The Emergent Church Needs an Ignatius

I wrote this for class, but thought it might make for some conversation…Jason…

At Convention last Spring, the Diocese of San Diego heard Phyllis Tickle talk about “The Emergent Church” and cite one of my seminary professors, Bishop Mark Dyer, to say that every 500 years or so the church has “a rummage sale.”  What exactly is emerging?  The answer is up for grabs.  As we shift from the “Modern” to the “Post-Modern” era some argue that we need a leader like Benedict of Nursia, the founder of Western Monasticism.  They say we need someone who can draw us into small communities which preserve Christianity as the world crumbles.  I want to briefly examine this call for a renewed Church through a “new monasticism,” arguing not for a new Benedict but for a new Ignatius of Loyola.
The call for a “new Benedict” came perhaps most famously in the finals words of After Virtue by Alasdair MacIntyre, who argues that Western ethics is crumbling, but the idea is older.  Jonathan Wilson-Hartgrove quotes Dietrich Bonhoeffer: “The restoration of the church will surely come from a sort of new monasticism.”  Wilson-Hartgrove has founded a “new monastic community,” a small group of people who share common property and a rule of life.  Some are married, some not.  All are working for justice and sharing a Christian journey together.  Such communities exist all over our country.  The question is: how will these communities relate to the wider Church?  Most are led and populated by pioneering young adults not attached to any denomination or structural body.  If the Church to emerge anew, to be “restored” in the words of Bonhoeffer, the relationship of these communities to the wider body of Christ must be considered.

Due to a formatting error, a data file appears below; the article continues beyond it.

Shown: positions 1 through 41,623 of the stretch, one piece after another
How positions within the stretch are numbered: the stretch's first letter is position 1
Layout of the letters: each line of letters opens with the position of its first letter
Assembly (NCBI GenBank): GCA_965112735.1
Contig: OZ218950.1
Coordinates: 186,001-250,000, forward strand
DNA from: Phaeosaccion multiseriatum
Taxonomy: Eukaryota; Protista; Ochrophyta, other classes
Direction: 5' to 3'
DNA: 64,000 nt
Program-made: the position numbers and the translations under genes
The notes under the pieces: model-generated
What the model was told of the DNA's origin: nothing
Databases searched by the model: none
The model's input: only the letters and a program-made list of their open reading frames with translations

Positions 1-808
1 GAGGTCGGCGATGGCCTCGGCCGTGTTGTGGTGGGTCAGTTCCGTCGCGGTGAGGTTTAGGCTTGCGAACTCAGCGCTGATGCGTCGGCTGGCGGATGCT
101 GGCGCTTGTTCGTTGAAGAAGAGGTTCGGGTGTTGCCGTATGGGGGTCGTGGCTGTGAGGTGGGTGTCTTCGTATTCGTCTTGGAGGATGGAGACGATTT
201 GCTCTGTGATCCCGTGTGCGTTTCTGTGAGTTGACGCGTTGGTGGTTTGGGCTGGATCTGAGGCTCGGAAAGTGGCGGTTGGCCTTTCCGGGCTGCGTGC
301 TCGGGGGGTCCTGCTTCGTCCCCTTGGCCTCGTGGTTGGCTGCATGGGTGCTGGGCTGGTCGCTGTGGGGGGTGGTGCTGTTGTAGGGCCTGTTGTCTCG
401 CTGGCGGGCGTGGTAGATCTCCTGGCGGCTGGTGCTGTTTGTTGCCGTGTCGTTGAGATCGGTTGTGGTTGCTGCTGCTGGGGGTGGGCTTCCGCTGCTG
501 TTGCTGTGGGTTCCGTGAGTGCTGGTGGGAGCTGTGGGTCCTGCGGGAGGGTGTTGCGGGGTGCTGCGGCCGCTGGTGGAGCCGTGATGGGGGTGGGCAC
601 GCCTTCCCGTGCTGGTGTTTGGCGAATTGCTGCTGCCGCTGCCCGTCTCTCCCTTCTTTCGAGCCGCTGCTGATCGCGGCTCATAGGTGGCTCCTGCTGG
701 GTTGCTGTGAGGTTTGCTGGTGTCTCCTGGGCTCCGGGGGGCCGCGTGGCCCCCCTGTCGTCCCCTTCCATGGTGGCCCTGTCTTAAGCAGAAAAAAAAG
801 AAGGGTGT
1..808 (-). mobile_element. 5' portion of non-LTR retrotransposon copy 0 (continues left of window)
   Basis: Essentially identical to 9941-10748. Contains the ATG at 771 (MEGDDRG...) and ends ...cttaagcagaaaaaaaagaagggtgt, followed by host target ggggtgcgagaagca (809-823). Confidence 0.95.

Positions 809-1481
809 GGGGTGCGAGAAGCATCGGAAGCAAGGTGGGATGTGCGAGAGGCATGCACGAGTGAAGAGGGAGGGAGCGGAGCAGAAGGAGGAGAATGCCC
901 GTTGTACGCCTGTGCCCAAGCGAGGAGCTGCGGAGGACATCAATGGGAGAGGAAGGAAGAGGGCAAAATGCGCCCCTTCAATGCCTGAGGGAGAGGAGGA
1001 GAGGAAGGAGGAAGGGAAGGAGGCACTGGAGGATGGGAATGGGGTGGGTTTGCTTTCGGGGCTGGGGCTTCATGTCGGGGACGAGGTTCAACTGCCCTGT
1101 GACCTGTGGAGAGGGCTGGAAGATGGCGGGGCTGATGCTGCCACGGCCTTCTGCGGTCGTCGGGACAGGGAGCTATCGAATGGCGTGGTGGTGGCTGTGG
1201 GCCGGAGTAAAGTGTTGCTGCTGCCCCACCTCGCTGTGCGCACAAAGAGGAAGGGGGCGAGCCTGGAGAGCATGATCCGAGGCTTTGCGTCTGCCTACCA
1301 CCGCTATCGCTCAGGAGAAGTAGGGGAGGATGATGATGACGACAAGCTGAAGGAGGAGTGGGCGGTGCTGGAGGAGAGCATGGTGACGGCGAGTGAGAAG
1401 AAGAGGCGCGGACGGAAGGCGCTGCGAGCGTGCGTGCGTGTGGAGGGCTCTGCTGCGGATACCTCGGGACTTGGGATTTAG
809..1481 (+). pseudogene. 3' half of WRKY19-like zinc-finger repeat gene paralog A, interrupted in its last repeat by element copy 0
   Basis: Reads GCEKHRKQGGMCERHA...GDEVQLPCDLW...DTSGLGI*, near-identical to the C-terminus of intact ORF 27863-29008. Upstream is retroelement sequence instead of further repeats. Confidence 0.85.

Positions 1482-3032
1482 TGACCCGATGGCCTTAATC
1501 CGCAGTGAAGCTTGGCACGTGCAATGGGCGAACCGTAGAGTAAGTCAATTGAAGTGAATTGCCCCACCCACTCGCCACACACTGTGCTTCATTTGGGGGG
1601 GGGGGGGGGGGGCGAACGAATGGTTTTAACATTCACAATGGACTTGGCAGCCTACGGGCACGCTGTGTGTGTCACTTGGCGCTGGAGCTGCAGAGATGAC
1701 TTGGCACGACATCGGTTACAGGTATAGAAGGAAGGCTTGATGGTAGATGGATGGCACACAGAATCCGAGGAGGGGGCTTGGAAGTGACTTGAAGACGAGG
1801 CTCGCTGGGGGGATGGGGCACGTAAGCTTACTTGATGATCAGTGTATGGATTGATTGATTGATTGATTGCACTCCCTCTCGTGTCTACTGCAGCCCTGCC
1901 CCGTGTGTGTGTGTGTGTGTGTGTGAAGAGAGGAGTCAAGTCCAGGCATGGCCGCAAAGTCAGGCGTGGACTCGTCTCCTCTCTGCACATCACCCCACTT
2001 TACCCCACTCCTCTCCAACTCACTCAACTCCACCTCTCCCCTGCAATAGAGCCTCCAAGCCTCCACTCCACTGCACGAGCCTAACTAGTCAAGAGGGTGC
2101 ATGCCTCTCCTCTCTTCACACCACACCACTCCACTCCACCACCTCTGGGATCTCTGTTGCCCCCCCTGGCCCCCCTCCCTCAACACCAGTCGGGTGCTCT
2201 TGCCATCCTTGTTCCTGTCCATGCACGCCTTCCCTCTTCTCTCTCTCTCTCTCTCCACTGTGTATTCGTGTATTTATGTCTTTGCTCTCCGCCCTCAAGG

I don’t believe the Church is really looking for a new Benedict to draw up a plan to safeguard culture and faith in the storm.  The search is for a new Ignatius of Loyola.  Ignatius was a contemporary of Martin Luther and lived in the midst of the great fights of the Reformation.  The antithesis of Luther, Ignatius advocated total allegiance to the Church.  He famously said, “I will believe that the white that I see is black, if the hierarchical Church so defines it.”  Such a suspension of reason rightfully bothers members of the Protestant Episcopal Church, but it is a spirit of absolute commitment to the ongoing life of the Church which animates the statement.  Ignatius founded an order, the Jesuits, whose members like Karl Rahner and Jon Sobrino have famously helped reshape the Roman Church.   Francis Xavier, one of the first seven Jesuits, set a pattern for missionary service in the order that continues to this day.  The ongoing commitment to the hierarchical life of the Church comes with a drive out into the world.
The principle difference I see between Benedict, as understood and called for by some in the discussion around “emergence,” and Ignatius, is directional.  Those who argue for a “new Benedict” envision a Church behind monastic walls, guarding the valuable faith from the stormy future.  A new Ignatius would call us out to engage in the world, with a strong commitment to the apostolic Church (hopefully with more room for independent thought.)  An article in The Christian Century describes the new monastics saying “Each of the communities I visited seeks also to serve the wider church—and even to convert it.”  If the goal of “the emergence” is to convert, reform, and engage the present Church, to help it to engage missionally in the world around it, we need not a new Benedict, but a new Ignatius.

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